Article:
April 13 – On this Day in History

April 13 has witnessed a remarkable array of historical events that have shaped cultures, nations, and the world at large.

From monumental shifts in power and groundbreaking treaties to tragic incidents and awe-inspiring achievements, this day marks important anniversaries across a spectrum of human endeavor.

These events range from the crowning of a Holy Roman Emperor in 1111, the enactment of pivotal laws, catastrophic natural disasters, to groundbreaking moments in science and sports.

Each event not only reflects the complexities of its time but also highlights the enduring influence of these moments on contemporary society.

April 13th Events in History

1111 – Henry V is crowned Holy Roman Emperor

Henry V, a member of the Salian dynasty, was crowned Holy Roman Emperor by Pope Paschal II in Rome on April 13, 1111.

This event was significant because it marked a key point in the Investiture Controversy, a conflict between the papacy and secular monarchs over who had the authority to appoint church officials (investiture).

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Henry V’s reign was marked by his ongoing disputes with the papacy over this issue, which eventually led to the Concordat of Worms in 1122, partially resolving the conflict by delineating the powers of the emperor and the pope.

The Edict of Nantes

1598 – King Henry IV of France endorses the Edict of Nantes, granting freedom of religion to the French Huguenots

The Edict of Nantes was issued by Henry IV of France on April 13, 1598. This edict granted substantial rights to the Huguenots, a minority Protestant group in a predominantly Catholic France, including freedom of worship in specified locations and full civil rights.

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It was a landmark document in the history of religious tolerance in Europe, ending the Wars of Religion that had torn France apart for decades. The Edict of Nantes stood until October 1685, when Louis XIV revoked it, leading to renewed religious persecution and the flight of Huguenots from France.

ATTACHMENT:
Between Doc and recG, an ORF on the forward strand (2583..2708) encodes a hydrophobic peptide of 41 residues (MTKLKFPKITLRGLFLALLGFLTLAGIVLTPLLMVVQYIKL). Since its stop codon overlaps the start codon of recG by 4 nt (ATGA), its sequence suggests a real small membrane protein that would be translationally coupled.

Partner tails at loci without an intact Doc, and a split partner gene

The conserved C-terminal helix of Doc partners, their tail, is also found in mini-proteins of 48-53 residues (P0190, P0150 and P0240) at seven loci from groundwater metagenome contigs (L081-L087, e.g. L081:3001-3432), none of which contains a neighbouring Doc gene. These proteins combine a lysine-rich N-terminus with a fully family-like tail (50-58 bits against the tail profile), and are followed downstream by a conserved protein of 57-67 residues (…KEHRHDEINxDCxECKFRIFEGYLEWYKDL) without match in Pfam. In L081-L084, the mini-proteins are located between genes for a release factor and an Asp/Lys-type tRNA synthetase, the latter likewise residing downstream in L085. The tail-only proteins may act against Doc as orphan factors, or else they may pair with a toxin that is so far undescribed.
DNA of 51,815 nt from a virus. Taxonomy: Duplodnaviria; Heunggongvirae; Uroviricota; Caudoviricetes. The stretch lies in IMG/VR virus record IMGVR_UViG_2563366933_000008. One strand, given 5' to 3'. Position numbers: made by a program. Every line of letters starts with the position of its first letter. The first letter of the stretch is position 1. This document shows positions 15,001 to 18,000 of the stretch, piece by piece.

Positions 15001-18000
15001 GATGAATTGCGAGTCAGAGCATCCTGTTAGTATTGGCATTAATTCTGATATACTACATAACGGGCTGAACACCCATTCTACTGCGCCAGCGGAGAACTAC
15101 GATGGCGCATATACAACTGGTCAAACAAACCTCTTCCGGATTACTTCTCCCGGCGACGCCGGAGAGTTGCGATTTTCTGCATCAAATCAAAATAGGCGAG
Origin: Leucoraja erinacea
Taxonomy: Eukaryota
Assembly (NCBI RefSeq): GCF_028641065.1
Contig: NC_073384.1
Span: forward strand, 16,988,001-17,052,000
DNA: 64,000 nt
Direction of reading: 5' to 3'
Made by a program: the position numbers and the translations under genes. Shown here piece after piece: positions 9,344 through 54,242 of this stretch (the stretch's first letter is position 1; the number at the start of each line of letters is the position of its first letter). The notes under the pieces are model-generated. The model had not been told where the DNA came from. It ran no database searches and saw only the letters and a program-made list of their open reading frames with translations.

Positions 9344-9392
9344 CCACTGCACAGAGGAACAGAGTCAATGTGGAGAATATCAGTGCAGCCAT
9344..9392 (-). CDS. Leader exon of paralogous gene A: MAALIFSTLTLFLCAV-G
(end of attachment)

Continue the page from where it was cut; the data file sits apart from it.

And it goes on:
1742 – Handel’s “Messiah” is performed for the first time in Dublin, Ireland

George Frideric Handel’s “Messiah,” one of the most famous and frequently performed choral works in Western music, had its premiere performance in Dublin, Ireland, on April 13, 1742. The work was composed in just 24 days and was performed during Lent, a period leading up to Easter.

The initial performance was a charity event to free men from debtors’ prison, and it was met with great acclaim. Today, “Messiah” is particularly well-known for its “Hallelujah” chorus, often performed during the Christmas season as well as Easter.

1776 – American Revolutionary War: The Society of the Cincinnati is founded in the Thirteen American Colonies

On April 13, 1776, the Society of the Cincinnati was founded by officers of the Continental Army and their French counterparts who served together in the American Revolutionary War.

The society was named after Lucius Quinctius Cincinnatus, a Roman statesman and military leader who was seen as a model of civic virtue.

The organization’s purpose was to promote union and national honor, maintain the friendships formed during the war, and provide mutual support to its members. The Society of the Cincinnati is the oldest patriotic organization in the United States and continues to operate to this day.

1829 – The Catholic Relief Act is passed by the Parliament of the United Kingdom, removing many of the restrictions on Roman Catholics in the country

The Catholic Relief Act, also known as the Roman Catholic Relief Act 1829, was passed by the British Parliament on April 13, 1829. This act represented a significant milestone in the Catholic Emancipation process in the United Kingdom.

It removed many of the restrictions imposed by the penal laws on Roman Catholics, allowing Catholics to vote, hold public office, and serve in the military.

The act was a response to widespread demand for Catholic emancipation, particularly in Ireland, and followed years of political maneuvering by figures such as Daniel O’Connell, who led a mass campaign for Irish Catholics’ rights. This legislation marked a key step toward religious and civil liberties in the UK.

1849 – Hungary becomes a republic

On April 13, 1849, Hungary declared itself a republic during the Hungarian Revolution against the Habsburg Dynasty.

This move was part of a series of revolutionary events in Europe during 1848-1849, commonly referred to as the Spring of Nations. Lajos Kossuth, a key figure in the Hungarian independence movement, was named the President of the republic.

This declaration marked a significant moment in Hungary’s struggle for autonomy, challenging the traditional dominance of the Austrian monarchy over Hungarian affairs. The republic, however, was short-lived, as Habsburg and Russian forces defeated the revolutionaries in August 1849, restoring Habsburg rule.